Pioneer announced a brace of new UHD Blu-ray burners today, the first we’ve seen debut for the PC market. Currently, if you want UHD playback, you need to pick up either a dedicated player or an Xbox One S — Sony’s PlayStation 4 Pro lacks UHD Blu-ray support, even though the Japanese company was instrumental to the development of Blu-ray itself.
The new BDR-S11J-BK and the BDR-S11J-X are both 5.25-inch drives that support nearly every optical read/write standard ever devised, including: CD-R, CD-RW, DVD±R, DVD±R DL, DVD±RW, DVD-RAM, BD-R SL/DL/TL/QL, BD-RE SL/DL/TL, BD-R LTH). They also read CDs, DVDs, BDs, and UHD Blu-ray films. Both drives feature a 4MB buffer for underrun protection and support 16x burning speeds on standard Blu-ray media.
Pioneer claims that the BDR-S11J-X contains some additional hardware for ensuring high-quality audio playback, but both drives support Pioneer’s PureRead 4+ and real Time PureRead software. Exact specifications on either standard are hard to come by since the native language is Japanese, but Pioneer claims both technologies are specifically useful when reading damaged audio discs.
4K UHD Blu-ray playback… if you meet the requirements
If you’ve followed our coverage of Netflix streaming requirements for 4K video and the significant hardware upgrades most systems would require, you know that content creators have gone out of their way to make 4K streaming as difficult as possible. Only seventh-generation Intel Kaby Lake hardware is 4K streaming capable, and it looks like a similar set of requirements are in place for UHD Blu-ray support.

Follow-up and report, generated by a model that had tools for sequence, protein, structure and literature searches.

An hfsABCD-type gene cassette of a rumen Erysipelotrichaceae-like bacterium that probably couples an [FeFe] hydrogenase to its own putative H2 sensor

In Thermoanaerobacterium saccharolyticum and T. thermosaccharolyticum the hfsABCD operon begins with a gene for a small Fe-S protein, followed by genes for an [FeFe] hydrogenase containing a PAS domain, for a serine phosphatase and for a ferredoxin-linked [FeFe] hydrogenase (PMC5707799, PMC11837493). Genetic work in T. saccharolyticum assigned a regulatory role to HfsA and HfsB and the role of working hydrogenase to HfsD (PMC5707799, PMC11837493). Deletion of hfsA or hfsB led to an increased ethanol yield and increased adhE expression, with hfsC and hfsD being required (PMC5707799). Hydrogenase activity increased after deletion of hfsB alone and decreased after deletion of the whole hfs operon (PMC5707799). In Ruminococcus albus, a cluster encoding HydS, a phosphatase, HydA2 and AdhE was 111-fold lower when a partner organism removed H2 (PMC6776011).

In order to play UHD Blu-rays, your system must support AACS 2.0 and Intel’s Software Guard Extensions (SGX). You’ll need software to play the disc itself (CyberLink has an updated software solution set to ship in the near future), and a GPU with HDMI 2.0a and HDCP 2.2 support. AACS 2.0 also has to be implemented within the GPU driver, and no current stand-alone GPU drivers have this functionality. Finally, you need a 4K TV with both HDMI 2.0a and HDCP 2.2 support as well.
This is a tall order. No Intel chips before Skylake support SGX, and just owning a Skylake board isn’t enough — many desktop boards never implemented the feature and don’t support it in UEFI. The HDCP 2.2 support requirement is also dodgy, since not every Intel board supports that standard, either.